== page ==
It’s going to be very difficult to review Jonathan L. Howard’s new book, After the End of the World, not because it’s a difficult book to read (far from it!), but because it’s so bizarre (yet so much fun), it’s hard to explain exactly what the charm of the book is.
To begin with, it’s a sequel, sort of, to his earlier book, Carter and Lovecraft, and I’m not sure whether you need to have read the first book to understand or enjoy this one. It certainly helps (and if you’re a fan of the weird, you definitely should read them in order, if only because Carter and Lovecraft is such a wonderful book all by itself). Suffice it to say that Dan Carter is a former police detective who happens to be descended from one Randolph Carter (if you’re familiar with the work of H. P. Lovecraft, that name will definitely ring a bell for you), and who, in the first book, ends up co-owning a bookstore with Emily Lovecraft, an African American woman who is (and I’m still not sure how this happened, given the man’s famous racism) descended from the writer H. P. Lovecraft. In the course of their previous adventure, the two of them ended up folding reality so that certain things from their timeline (Providence, Rhode Island, for instance) do not exist and have never existed in this current timeline. Providence is now Arkham, and its local college is Miskatonic University, not Brown.
If the previous paragraph has you confused, then I recommend against reading After the End of the World, because there’s lots more like that in the book.
The beginning of After the End of the World takes place in this alternate reality in the middle of World War II, when the Nazis annihilate Moscow and the surrounding countryside with what appears to be a nuclear bomb. Naturally, this changes the course of the war and the future of the world (without a Soviet Union, there is no Cold War, for instance). In the present, Nazi Germany is a world power and the United States has made its accommodations with them (the Holocaust did not happen, or not the way it happened in our timeline).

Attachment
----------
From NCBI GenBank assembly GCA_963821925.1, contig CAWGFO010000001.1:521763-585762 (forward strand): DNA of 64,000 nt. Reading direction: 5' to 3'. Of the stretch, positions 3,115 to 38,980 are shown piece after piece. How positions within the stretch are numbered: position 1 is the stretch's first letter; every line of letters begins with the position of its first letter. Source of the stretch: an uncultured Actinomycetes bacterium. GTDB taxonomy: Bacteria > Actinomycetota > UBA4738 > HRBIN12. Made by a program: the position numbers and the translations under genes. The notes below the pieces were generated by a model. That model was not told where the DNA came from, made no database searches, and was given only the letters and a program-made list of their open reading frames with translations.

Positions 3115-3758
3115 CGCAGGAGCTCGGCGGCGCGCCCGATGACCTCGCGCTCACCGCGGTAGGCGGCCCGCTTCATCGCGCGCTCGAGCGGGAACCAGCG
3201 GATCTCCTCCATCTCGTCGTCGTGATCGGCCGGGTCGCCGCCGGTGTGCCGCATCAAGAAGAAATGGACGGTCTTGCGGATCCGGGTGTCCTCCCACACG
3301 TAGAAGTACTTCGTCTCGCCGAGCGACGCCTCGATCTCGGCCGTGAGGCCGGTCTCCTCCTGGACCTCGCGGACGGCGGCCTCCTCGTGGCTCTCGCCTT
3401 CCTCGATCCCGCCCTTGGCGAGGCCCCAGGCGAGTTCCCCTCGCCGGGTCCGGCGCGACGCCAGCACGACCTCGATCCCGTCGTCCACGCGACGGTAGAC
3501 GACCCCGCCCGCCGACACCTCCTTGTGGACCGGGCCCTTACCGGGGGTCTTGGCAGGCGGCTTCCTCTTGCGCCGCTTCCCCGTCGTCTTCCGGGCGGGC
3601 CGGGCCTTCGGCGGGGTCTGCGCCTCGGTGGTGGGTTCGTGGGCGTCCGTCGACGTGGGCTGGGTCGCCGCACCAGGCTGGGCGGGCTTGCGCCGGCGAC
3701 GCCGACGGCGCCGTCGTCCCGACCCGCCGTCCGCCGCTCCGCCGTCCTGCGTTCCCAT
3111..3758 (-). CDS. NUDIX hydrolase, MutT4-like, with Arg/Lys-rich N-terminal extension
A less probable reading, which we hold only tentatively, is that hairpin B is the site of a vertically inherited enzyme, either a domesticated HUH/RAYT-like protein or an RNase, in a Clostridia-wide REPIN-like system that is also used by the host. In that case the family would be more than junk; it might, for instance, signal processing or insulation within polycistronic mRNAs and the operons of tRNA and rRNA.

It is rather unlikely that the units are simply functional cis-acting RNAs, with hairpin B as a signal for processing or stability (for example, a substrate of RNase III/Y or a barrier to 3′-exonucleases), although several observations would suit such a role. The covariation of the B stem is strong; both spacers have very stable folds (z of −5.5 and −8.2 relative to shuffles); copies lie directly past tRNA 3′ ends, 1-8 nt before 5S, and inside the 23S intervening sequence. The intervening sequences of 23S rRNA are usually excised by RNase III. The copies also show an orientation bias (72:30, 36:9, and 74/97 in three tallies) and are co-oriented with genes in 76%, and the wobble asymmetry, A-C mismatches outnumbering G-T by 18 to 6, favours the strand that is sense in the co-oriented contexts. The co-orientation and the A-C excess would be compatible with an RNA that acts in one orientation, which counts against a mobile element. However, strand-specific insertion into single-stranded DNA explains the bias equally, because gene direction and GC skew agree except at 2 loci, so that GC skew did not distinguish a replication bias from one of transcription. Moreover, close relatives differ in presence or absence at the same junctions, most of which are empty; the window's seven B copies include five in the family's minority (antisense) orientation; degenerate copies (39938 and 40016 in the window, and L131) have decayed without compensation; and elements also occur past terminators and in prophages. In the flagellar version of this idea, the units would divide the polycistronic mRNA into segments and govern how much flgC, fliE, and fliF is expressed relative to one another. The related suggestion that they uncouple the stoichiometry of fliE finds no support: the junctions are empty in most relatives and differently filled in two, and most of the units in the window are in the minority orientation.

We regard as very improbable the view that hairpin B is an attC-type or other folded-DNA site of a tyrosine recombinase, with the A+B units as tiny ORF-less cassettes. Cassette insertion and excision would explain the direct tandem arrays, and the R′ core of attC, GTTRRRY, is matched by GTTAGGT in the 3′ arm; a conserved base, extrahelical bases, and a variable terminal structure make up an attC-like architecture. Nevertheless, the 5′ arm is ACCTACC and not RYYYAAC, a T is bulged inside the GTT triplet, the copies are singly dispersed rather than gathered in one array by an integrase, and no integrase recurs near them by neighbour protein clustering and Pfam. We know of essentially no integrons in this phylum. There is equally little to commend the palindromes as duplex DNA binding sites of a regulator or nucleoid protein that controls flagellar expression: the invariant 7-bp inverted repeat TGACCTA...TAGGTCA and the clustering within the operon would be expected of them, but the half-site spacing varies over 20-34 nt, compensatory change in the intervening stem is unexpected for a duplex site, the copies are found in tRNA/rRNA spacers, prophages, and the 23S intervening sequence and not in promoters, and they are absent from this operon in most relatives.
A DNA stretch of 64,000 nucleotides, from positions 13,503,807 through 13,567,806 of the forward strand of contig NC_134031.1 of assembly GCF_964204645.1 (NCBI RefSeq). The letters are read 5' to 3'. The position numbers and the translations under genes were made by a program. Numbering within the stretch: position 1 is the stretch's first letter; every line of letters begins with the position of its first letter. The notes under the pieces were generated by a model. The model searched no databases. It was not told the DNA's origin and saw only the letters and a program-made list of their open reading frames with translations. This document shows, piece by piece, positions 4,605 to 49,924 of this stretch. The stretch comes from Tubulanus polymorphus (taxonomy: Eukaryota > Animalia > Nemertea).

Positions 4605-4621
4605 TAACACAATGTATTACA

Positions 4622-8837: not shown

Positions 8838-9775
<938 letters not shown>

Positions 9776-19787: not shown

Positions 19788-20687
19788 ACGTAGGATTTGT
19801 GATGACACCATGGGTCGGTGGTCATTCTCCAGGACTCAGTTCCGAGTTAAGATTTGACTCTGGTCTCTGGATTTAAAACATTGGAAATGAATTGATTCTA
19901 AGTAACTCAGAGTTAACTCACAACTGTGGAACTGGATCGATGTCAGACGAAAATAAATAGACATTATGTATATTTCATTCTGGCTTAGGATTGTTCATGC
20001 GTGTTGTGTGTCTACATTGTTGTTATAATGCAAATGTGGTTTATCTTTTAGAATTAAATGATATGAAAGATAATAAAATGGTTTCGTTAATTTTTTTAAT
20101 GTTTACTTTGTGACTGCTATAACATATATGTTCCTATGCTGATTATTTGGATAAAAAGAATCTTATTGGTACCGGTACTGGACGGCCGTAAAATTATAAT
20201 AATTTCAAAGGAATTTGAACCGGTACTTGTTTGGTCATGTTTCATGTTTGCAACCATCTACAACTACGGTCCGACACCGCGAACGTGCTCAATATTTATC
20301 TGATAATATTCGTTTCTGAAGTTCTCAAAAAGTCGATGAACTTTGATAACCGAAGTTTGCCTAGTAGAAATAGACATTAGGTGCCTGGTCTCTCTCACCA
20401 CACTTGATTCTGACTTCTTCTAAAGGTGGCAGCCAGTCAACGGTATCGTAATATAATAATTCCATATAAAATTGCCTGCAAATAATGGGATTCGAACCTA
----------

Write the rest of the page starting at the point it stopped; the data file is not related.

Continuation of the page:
Carter is drawn into an investigation of a major scientific collaboration between the people at Miskatonic University and some high powered Nazi scientists, where the results of the experiments so far seem to be too good to be true, and at the same time Lovecraft finds that she has, somehow, a very rare copy of the Necronomicon, a book that (in our reality) was made up by H. P. Lovecraft but in this reality is a real, and very dangerous, thing.
Bizarre human sacrifices, questions about how the Nazis really managed to destroy the Soviet Union and whether or not reality can be unfolded back to our understanding of it, suspenseful confrontations in an isolated island off the coast of Alaska, what happened to the James Bond novels without a Cold War background, the fate of Great Britain after this version of World War II, and the actual stopping of time altogether: this book is a wonderful, enthralling, truly strange read. The characters are quirky but believable, the plot picks you up and carries you along, and while the book is satisfying in itself (and more satisfying as a sequel to Carter and Lovecraft), there’s a hint that more adventures may be in the offing. If they’re as good as the first two books, then I’m eagerly looking forward to reading them. Come to the Field Library and check them out for yourself.